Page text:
On June 3, 2015, the Consumer Financial Protection Bureau (CFPB) issued a statement reminding mortgage lenders that the new integrated loan disclosures required by Dodd-Frank become effective August 1, 2015. Because the TILA/RESPA Integrated Disclosure Rule, or TRID Rule, requires lenders to make substantial changes to their internal procedures for mortgage originations, the industry had requested that the CFPB grant a 60-day grace period before enforcement of the complex regulatory provisions. Many trade groups and lawmakers have joined together to push the CFPB for a reasonable “hold-harmless period” in order to ensure that consumers’ real estate closings will not be disrupted after the TRID implementation deadline. While the CFPB has not conceded to a grace period, the agency has stated that it will be “sensitive” to mortgage lenders making a good faith effort to comply with the rule. This falls short of an actual grace period and it will require an act of Congress to delay implementation of TRID.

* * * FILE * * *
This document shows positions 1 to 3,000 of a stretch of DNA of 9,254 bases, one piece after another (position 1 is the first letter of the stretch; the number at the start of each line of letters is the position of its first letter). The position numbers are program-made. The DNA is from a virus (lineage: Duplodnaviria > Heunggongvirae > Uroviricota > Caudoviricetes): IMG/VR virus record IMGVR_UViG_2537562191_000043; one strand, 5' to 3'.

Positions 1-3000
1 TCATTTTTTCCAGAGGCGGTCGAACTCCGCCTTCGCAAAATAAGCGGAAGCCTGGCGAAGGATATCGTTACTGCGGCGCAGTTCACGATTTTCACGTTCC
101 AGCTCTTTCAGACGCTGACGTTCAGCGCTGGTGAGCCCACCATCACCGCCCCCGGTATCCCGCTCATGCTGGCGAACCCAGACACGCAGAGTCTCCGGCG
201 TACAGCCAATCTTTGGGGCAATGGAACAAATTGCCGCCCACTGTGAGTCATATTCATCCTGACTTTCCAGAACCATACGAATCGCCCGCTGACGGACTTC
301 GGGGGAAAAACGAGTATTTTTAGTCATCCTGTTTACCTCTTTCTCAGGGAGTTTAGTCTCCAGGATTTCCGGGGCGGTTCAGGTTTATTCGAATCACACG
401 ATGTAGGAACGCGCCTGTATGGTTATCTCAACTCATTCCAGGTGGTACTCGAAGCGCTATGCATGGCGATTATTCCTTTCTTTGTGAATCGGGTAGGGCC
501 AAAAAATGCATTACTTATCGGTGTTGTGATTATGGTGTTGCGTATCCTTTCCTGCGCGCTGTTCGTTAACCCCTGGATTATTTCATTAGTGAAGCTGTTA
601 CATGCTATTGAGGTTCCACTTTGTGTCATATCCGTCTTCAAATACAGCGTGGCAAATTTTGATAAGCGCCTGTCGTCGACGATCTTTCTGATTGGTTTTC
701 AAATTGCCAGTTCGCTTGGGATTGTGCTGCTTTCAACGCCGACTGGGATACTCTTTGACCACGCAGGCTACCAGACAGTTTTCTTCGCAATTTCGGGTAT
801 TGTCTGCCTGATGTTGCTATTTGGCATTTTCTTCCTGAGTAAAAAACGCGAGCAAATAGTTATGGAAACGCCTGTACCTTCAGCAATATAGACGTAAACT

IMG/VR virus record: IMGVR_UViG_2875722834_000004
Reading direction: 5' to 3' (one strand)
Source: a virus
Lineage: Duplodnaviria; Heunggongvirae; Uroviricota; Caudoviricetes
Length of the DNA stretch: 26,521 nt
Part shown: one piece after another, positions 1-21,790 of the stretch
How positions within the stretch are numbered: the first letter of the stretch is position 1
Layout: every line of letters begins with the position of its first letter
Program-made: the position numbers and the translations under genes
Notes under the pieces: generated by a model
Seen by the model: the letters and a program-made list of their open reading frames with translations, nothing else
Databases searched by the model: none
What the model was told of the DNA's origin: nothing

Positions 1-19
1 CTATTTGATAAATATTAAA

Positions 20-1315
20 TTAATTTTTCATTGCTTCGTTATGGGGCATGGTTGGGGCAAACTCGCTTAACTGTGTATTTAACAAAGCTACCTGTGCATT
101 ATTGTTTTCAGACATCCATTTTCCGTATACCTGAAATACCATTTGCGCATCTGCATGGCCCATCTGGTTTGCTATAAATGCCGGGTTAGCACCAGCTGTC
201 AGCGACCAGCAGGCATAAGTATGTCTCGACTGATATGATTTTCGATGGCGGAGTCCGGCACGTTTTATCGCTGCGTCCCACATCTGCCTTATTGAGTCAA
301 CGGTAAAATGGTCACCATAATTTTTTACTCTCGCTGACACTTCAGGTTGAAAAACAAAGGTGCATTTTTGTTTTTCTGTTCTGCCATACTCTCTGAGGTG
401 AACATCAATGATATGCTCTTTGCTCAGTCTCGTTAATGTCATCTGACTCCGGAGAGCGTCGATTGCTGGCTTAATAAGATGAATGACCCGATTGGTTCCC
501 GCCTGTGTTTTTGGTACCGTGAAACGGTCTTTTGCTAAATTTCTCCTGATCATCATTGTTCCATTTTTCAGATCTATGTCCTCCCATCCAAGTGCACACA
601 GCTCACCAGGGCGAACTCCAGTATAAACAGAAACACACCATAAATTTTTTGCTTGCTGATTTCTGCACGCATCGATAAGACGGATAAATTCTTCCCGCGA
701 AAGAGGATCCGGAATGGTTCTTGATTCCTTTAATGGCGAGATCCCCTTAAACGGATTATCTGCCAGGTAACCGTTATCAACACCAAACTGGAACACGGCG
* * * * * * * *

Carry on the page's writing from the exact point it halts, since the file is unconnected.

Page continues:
Miller Nash Graham & Dunn has prepared a PowerPoint describing the TRID Rule and the new risk environment. For a copy of this presentation, please email us at BankLawMonitor@millernash.com.